Coffee lovers, rejoice. Well, almost. Scientists are now reporting that the quest for weight loss could be found in green coffee beans. So much so, that people who took a daily dose of the bean’s extract lost 10% of their body weight on average. Is that just too good to be true though? Let’s find out.
Presented at the American Chemical Society, researchers analyzed 16 overweight people with Body Mass Indexes between 25 to 30 who were 22 to 46 years old for 22 weeks. During that time, they were given a low dose 700 mg green coffee extract tablet, a high dose 1,050 mg extract tablet and a placebo.
Participants were told to take three of the capsules each day (not knowing which ones were the low dose, high dose or placebo), 30 minutes before each meal. In addition, participants maintained a diet of 2,400 calories a day and had a reported calorie expenditure of 400 calories–not even close to requirement that someone would need to lose a substantial amount of weight.
After the 22 weeks, participants lost an average of 17 pounds, which equated to a 10.5% decrease in overall body weight and a 16% decrease in body fat.
All from taking a pill that included green coffee extract? Yes, according to researcher, Joe Vinson, Ph.D:
Based on our results, taking multiple capsules of green coffee extract a day–while eating a low-fat, healthful diet and exercising regularly–appears to be a safe, effective, inexpensive way to lose weight.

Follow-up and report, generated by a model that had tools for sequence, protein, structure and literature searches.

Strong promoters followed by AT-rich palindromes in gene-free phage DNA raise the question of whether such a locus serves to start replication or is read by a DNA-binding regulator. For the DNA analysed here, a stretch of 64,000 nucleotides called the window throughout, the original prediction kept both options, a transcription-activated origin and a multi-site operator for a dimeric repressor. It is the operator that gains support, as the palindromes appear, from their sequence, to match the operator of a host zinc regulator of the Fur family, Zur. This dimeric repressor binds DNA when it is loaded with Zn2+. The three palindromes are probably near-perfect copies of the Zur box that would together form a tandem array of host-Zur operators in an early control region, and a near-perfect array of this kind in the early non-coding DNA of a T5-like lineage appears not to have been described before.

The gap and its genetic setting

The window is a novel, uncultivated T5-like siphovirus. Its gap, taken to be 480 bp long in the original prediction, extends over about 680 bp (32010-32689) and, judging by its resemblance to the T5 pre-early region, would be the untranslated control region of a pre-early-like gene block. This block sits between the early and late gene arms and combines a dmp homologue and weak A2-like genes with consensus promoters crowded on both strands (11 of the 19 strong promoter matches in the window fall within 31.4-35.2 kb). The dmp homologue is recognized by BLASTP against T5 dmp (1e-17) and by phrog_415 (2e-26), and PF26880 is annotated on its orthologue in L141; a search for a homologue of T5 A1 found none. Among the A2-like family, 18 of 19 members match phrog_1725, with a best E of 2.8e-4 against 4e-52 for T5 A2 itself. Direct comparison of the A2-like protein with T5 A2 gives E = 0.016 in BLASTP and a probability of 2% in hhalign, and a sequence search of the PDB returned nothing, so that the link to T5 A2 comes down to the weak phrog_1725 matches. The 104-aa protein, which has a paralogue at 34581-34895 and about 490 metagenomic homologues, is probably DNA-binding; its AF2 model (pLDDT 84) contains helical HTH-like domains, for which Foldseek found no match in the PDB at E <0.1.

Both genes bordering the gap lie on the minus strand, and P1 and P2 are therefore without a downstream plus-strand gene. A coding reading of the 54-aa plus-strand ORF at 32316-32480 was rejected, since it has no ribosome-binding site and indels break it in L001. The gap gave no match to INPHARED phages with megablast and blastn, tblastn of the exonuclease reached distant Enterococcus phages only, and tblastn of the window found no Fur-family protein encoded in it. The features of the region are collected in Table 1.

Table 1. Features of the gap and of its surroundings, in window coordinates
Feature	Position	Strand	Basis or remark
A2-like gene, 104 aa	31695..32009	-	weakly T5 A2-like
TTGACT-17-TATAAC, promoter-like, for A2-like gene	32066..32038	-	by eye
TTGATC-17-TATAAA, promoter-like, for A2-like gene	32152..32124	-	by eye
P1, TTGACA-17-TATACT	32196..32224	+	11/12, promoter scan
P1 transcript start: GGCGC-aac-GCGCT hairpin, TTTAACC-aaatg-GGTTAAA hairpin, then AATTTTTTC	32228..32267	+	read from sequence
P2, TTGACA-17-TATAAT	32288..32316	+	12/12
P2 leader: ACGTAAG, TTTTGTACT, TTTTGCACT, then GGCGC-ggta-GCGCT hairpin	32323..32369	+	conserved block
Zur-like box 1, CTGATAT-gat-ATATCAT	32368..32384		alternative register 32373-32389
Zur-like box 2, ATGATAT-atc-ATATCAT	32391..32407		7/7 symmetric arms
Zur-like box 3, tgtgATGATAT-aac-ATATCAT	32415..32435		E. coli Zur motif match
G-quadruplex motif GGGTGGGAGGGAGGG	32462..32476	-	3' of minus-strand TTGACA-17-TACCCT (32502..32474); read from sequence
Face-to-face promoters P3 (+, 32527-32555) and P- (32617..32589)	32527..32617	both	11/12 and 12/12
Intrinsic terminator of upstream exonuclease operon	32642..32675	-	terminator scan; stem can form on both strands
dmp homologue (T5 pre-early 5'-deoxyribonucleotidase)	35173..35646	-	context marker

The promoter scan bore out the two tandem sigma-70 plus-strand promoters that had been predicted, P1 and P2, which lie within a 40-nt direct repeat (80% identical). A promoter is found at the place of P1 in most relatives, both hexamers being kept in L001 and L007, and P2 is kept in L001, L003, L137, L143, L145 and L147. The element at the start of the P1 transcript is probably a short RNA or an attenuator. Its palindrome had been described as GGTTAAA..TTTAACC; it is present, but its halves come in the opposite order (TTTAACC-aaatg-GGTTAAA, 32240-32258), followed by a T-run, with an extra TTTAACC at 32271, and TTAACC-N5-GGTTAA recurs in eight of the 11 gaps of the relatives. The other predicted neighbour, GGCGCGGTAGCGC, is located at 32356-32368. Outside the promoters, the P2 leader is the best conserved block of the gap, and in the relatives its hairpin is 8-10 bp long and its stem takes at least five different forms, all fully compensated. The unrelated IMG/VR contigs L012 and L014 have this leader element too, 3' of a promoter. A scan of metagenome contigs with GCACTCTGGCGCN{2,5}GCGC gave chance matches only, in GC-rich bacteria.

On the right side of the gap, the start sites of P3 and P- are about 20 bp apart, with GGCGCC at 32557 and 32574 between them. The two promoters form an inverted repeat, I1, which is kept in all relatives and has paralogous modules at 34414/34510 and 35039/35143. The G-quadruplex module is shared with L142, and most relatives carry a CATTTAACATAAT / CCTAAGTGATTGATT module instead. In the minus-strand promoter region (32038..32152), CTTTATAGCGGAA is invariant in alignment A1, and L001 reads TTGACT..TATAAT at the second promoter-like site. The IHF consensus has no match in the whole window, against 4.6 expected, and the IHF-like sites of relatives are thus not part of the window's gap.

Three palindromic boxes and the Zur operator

In addition, Vinson said there were no side effects–unlike other weight-loss supplements we’ve encountered in the past.
So what gives? Apparently a substance called chlorogenic acid that is found in these beans when they’re unroasted.
Unfortunately, that weight-loss benefit goes away when coffee beans are roasted, so your daily cup of joe won’t give you the same effect. Although, prior studies have shown that coffee can help reduce depression, Alzheimer’s and even cancer.
Aside from the potential benefits, there are two major problems with this study. First, it only included 16 participants. In order to draw conclusions that green coffee can help someone lose 10% of their body weight, a larger study is in order. Second, it’s a supplement. Getting people to depend on any type of weight-loss supplement is dangerous because they may not be as likely to make other changes so they can live a healthier lifestyle–namely, diet and exercise.
So for now, we say stick with the tried and true methods of weight loss. And enjoy that cup of coffee if you want.